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Problem Involving Momentum & Collision

  1. Jun 10, 2008 #1
    Here's the problem :

    A ball of mass m = 2.2 kg moving with a speed of v0 = 20.1 m/s strikes an identical ball which was initially at rest. After the collision, the incoming ball (ball 1) goes off at q1 = 24° relative to its original direction and the struck ball (ball 2) moves off at q2 = 34° as shown in the diagram.

    I can't post the diagram, but ball 1 shoots off 24 degrees above the x-axis and ball 2 shoots 34 degress below the x-axis.

    --------------------------------------------------------------------------------
    a) What is the magnitude of the initial momentum of the two ball system?
    pi = 44.22 kg m/s

    --------------------------------------------------------------------------------
    b) What is the ratio of the balls' final speeds?
    |v1|/|v2| = 1.37

    --------------------------------------------------------------------------------
    c) What is the final speed of the incoming ball?
    |v1| = m/s

    Okay, I have another problem that I'm stuck on! I was able to figure out part A & B (answers above), but I can't seem to get part C.

    I tried setting the horizontal momentum of the two objects after the collision equal to the initial horizontal momentum (44.22) and then solving for one variable.

    44.22 = m1v1 + m2v2 or 44.22 = m (v1+v2)

    Then I thought I would have to use the ratio of v1/v2 in order to solve for a variable. So I did the following:

    v1/v2 = 1.37 ... v2 = v1/1.37

    I then plugged that into the momentum equation above and solved for the horiztonal velocity and got 11.619m/s for v1.

    Then I took that number and divided it by COS(24) to get the Vf since the ball shoots off at an angle. I got 12.72m/s, but it isn't right. Where have I gone wrong? :(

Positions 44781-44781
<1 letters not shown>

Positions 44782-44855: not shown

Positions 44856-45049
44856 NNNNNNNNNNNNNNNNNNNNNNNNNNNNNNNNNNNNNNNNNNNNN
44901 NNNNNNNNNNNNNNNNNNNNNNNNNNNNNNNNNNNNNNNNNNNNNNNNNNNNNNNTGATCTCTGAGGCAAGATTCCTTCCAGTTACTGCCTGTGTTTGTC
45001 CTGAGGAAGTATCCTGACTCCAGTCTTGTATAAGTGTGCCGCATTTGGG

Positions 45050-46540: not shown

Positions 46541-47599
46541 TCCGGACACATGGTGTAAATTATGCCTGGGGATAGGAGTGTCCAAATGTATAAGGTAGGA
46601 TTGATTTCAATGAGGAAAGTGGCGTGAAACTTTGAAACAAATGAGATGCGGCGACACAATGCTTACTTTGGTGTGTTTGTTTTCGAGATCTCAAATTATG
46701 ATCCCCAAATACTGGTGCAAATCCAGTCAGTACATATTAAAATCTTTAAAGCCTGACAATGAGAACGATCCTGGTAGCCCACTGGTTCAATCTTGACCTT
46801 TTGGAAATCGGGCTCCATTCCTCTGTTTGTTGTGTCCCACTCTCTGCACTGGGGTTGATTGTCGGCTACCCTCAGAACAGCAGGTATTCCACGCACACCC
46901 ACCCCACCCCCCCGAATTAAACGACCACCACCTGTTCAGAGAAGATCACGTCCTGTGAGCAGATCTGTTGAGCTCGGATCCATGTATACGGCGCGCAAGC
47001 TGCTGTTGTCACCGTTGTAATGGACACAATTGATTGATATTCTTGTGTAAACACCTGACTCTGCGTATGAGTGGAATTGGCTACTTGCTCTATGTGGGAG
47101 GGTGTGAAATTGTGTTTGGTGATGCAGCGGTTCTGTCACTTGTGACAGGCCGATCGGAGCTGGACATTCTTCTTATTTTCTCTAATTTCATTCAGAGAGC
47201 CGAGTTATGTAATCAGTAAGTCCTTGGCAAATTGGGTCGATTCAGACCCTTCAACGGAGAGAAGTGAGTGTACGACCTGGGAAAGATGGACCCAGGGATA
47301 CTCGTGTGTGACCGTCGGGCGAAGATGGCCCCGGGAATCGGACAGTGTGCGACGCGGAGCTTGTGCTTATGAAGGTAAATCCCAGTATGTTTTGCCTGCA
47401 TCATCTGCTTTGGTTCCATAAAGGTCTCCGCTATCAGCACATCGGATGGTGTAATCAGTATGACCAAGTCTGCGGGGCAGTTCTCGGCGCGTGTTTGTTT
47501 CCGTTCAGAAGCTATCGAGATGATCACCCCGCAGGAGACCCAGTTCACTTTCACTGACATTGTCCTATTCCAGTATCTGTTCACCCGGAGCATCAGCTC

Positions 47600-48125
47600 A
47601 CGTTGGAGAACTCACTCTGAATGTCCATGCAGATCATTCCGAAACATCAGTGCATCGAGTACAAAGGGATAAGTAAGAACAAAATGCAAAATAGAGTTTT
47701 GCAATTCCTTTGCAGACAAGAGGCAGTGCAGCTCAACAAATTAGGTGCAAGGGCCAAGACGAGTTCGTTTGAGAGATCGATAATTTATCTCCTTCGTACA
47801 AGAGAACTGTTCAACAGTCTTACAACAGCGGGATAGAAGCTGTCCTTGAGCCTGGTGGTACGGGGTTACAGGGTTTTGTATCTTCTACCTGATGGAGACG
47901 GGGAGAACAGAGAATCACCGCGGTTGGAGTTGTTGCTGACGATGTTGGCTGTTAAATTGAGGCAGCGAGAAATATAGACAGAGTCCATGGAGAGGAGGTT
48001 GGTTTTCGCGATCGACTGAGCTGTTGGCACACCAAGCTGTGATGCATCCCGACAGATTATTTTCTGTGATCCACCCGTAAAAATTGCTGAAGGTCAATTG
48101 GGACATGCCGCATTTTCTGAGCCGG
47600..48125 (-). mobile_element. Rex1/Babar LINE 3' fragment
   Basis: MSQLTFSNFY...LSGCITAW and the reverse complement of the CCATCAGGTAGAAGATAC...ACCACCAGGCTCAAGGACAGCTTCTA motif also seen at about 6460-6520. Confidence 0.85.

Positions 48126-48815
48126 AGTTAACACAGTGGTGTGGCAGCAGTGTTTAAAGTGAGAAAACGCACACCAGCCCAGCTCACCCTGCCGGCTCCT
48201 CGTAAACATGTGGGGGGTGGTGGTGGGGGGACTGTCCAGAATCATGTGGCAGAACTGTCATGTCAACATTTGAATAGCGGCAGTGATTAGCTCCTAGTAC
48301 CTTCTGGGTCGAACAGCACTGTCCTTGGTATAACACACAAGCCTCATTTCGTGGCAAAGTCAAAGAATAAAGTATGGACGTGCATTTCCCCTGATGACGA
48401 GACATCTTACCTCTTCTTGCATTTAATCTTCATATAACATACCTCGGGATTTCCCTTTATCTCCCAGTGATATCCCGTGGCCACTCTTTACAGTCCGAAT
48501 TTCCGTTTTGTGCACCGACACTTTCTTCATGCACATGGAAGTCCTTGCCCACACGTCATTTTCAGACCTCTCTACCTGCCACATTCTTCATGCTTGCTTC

2. jcsd
  3. Jun 10, 2008 #2

    G01

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    OK. I think you may have made a calculation mistake while finding v_1. I am getting v_1=8.375m/s.

    Check your calculations, again.
     
  4. Jun 10, 2008 #3
    I'm still getting the same answer as I have before.

    And I tried plugging your value in to solve for V1final and it was still wrong. :-\
     
  5. Jun 10, 2008 #4

    tiny-tim

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    Hi Pat!

    (A very well laid-out answer, by the way … I wish other people were as clear! :rolleyes:)

    Hint: You must take horizontal components of momentum! :smile:
     
  6. Jun 10, 2008 #5
    Isn't that what I was doing though? I thought v1 and v2 that I was solving for in the equation you quoted were the two horizontal component?
     
  7. Jun 10, 2008 #6

    G01

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    TT I think he means that v_1=horizontal component of momentum of the first ball.

    Then hes saying:

    [tex]v_1=v_{f1}\cos24^o[/tex]

    [tex]v_{f1}=\frac{v_1}{\cos24^o}[/tex]

    where v_f1 = final velocity magnitude.

    Am I correct, Pat?
     
  8. Jun 10, 2008 #7
    Yeah, I think so but I thought that's what I've been doing? I mentioned that I found v1 and then divided it by Cos24, but I must be getting the wrong value for v1.
     
  9. Jun 10, 2008 #8

    tiny-tim

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    v = v1cos24º + v2cos34º :smile:
     
  10. Jun 10, 2008 #9
    Now I'm a bit more confused sorry! lol

    I don't know V do I? I thought you had to add the two horizontal components of momentum and set them equal to the initial momentum of the first ball? I wouldn't know V in your equation would I?
     
  11. Jun 10, 2008 #10

    tiny-tim

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    v = 20.1​
     
  12. Jun 10, 2008 #11
    I finally got it! Thanks!

    I have to ask though...do the horizontal components always equal the sum of the initial horizontal compents? I just want to understand what I did :)

    And thanks again!
     
  13. Jun 10, 2008 #12

    tiny-tim

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    Yup! :biggrin:

    Good ol' Newton's second law, and conservation of momentum, are vector equations, so they're valid on all the components in any one direction. :smile:
     
  14. Jun 10, 2008 #13
    Oh okay I understand now! Thank you so much :)
     
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